Some hotels have begun to expand the definition of concierge to mean more than just a knowledgeable employee. It now can also mean smart digital devices. Software companies are creating programs that offer information like restaurant tips, flight arrivals and departures and driving directions via these devices to guests at midtier hotels that do not provide traditional concierge services.
Even more upscale brands that employ human concierges are joining in, by offering location-specific information, accessible via the Internet, iPhone apps and even live chats. And all Hyatt hotels let guests send requests, via Twitter, to customer service agents who are on call 24 hours a day.
When it comes to concierge services, “we as an industry cannot operate in an analog way in a digital world,” said John Wallis, global head of marketing and brand strategy for Hyatt Hotels.
With the proliferation of midprice and limited-service brands, high-tech concierge services represent an effort by hotel companies “to differentiate themselves, to add a service that usually ranks among the highest for guest satisfaction and to achieve higher rates,” said Bjorn Hanson, divisional dean of the Preston Robert Tisch Center for Hospitality, Tourism and Sports Management at New York University.
He said these services could be more attractive to younger guests, while older and more international guests, he said, “tend to prefer personal service.”
Still, the question remains whether digital concierges can ever equal their human counterparts. Henry Harteveldt, travel analyst for Forrester Research, said he did not think they would. “Nothing will ever replace a face-to-face concierge,” he said. “A guest visiting a city for the first time will have a lot of questions and will need to have interaction with a concierge.”
But hotel chains are moving ahead with the digital version nonetheless. For example, InterContinental Hotels in 2007 began creating videos starring individual hotel concierges offering destination-specific advice. Today, 150 of the brand’s 171 hotels have created the videos, which are available on each hotel’s Web site and on YouTube and iTunes.
InterContinental is testing use by concierges of iPads with information for guests, as well as live chats between them through Skype or Apple’s FaceTime. It has also developed an iPad app with destination information for guests. And guests receive an e-mail from the chief concierge five days before arrival offering suggestions and maps.
Last year, Marriott International’s Renaissance hotels introduced a program called Navigator that offers suggestions for dining, drinks, shopping and sightseeing. This information, generated by Wcities, an online destination content provider, and by hotel employees, can be found on each hotel’s Web page and on an iPhone app. The hotels also employ traditional concierges.
Hyatt’s high-tech concierge service, at all of its hotels, is Twitter-based. Introduced two years ago, it lets guests send requests to HyattConcierge. Customer service agents must respond to messages within 15 minutes. If requests require more than a 140-character response, the agent will e-mail or call. One recent message from a guest at the Andaz Wall Street requested a hangover remedy that included two extra-strength Advil and wheat toast with butter.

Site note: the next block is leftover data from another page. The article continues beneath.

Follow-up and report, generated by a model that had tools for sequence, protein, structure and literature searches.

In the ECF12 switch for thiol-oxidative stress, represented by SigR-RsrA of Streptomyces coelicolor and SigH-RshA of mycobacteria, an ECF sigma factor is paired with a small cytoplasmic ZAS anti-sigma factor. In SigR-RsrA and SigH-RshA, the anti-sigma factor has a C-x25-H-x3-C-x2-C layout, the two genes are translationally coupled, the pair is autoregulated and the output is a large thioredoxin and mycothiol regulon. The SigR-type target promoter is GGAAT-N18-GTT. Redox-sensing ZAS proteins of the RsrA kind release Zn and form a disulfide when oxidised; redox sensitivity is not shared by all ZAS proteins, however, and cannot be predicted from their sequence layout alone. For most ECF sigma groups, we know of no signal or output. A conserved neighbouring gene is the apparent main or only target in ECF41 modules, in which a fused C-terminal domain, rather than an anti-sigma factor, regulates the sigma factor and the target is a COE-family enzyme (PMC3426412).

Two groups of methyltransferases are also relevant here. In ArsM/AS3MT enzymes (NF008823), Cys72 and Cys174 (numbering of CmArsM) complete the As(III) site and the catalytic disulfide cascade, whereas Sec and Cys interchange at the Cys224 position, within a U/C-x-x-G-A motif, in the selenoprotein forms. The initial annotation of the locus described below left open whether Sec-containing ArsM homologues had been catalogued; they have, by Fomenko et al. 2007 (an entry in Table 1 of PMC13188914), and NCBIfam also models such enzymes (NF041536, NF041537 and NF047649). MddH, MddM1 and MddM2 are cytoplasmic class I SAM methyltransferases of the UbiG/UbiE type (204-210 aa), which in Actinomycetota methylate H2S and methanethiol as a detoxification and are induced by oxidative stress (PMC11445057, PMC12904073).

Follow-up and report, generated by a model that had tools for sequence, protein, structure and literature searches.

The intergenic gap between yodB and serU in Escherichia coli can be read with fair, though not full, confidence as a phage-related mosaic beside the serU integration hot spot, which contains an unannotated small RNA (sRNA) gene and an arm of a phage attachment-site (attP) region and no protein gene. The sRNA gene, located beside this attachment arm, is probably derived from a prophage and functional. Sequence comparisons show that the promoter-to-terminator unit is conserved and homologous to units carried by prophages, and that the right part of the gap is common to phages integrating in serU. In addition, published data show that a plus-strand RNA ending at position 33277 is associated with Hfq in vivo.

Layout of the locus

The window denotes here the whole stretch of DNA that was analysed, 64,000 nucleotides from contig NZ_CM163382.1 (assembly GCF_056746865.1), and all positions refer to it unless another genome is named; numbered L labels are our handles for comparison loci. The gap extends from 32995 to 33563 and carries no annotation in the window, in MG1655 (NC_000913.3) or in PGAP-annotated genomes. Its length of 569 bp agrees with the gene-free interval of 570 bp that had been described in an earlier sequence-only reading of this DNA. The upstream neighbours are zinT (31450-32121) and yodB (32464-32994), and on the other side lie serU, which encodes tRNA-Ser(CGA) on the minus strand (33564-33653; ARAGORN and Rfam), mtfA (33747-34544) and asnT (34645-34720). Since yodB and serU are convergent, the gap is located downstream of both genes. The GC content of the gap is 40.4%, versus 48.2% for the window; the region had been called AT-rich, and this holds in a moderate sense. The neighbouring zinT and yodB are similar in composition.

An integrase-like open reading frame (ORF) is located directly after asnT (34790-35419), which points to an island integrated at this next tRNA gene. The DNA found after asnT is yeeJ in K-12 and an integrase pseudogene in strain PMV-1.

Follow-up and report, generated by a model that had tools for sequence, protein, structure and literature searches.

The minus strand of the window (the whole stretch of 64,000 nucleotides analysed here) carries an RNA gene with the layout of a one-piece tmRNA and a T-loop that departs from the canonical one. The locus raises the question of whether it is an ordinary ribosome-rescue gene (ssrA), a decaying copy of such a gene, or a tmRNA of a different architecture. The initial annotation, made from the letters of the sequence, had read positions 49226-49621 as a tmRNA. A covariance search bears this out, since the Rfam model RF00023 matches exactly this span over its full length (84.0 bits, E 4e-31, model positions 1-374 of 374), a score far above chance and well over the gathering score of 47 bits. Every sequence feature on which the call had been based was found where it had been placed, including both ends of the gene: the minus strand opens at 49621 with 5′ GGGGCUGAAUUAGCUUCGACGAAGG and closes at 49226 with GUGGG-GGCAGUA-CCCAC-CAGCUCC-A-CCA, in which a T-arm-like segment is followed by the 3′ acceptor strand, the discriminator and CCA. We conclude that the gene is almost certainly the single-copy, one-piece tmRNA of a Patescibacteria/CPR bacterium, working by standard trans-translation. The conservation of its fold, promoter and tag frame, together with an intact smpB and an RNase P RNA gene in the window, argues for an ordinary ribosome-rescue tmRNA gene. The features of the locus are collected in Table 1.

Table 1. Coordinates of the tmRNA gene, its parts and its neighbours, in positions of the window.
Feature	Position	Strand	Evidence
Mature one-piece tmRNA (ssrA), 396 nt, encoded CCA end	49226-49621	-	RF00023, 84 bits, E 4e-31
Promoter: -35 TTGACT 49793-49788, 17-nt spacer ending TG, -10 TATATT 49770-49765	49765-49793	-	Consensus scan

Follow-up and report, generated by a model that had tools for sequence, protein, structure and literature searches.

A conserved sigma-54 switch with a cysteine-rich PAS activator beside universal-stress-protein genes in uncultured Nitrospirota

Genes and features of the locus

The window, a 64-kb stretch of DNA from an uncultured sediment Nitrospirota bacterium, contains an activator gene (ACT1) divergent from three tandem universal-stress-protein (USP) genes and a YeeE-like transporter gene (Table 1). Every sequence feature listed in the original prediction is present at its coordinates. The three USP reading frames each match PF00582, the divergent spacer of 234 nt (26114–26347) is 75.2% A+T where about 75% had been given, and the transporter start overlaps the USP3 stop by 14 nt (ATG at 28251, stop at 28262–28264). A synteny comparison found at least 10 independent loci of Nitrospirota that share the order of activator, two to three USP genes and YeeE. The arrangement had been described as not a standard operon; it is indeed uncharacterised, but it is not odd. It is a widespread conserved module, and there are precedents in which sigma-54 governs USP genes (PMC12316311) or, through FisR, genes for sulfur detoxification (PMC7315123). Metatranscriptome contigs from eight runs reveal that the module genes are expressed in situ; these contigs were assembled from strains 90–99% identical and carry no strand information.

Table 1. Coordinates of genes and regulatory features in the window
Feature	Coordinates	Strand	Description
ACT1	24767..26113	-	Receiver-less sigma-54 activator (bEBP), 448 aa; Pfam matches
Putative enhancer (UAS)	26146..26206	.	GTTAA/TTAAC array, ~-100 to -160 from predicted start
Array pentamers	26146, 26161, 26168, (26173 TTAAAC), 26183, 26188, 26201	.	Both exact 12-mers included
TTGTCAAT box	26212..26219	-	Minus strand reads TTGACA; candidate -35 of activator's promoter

Marriott International’s Courtyard, a midtier brand, has gone in a different digital direction. Its GoBoard, a 55-inch touch-screen device in the lobby, uses software, from Four Winds Interactive, to provide weather and news updates, and employee picks for restaurants and local attractions. Marriott will upgrade content on the devices this summer and offer them brandwide by 2013, said Janis Milham, vice president of Courtyard.
Intelity, a software company, is working with Wyndham’s Wingate hotels, Starwood’s Aloft hotels and others to provide airline information as well as customized dining, shopping and recreation tips through laptops, iPads, touch-screen devices, TVs and cellphones.
Wyndham Worldwide will give owners of hotels in its 15 brands the option of offering the Intelity service to guests, said Paul Davis, senior vice president for strategic sourcing. He said some of the recommendations of service providers are paid listings by the providers.
Aloft is testing Intelity’s program on iPads in hotel lobbies. Brian McGuinness, Aloft’s global brand leader, said much information offered to guests was generated by hotel employees and none is the result of advertising.
One hotel brand that continues to emphasize its human concierge services is Starwood’s Luxury Collection, which is training concierges at its 77 hotels to be more resourceful when helping guests. The chief concierge of the SLS Hotel at Beverly Hills, Calif., discovered, for example, when he called a guest coming from the Cayman Islands that the guest had just dropped his iPhone in the ocean. The concierge bought a new iPhone, activated and programmed it, and presented it to the guest upon arrival.
Mr. Harteveldt, of Forrester Research, warned that one downside of high-tech services could be their execution, “if they are not updated, authentic or appropriate for the brand or guest.”
That was indeed the experience of Igor Matlin, a sales engineer in Chicago for Coverity, a software developer.
Mr. Matlin, a gold-level participant in Marriott’s loyalty program, said he had been disappointed by Courtyard’s and Renaissance’s high-tech concierges.
He said the GoBoard was most useful for news headlines and weather. But he found restaurant information lacking on the GoBoard at the Courtyard San Diego Sorrento Mesa/La Jolla, because “it didn’t give any better results than a Google search on my phone.”
And he said he was frustrated when he got driving directions for a friend from Navigator at a Renaissance hotel in Chicago but could not forward them.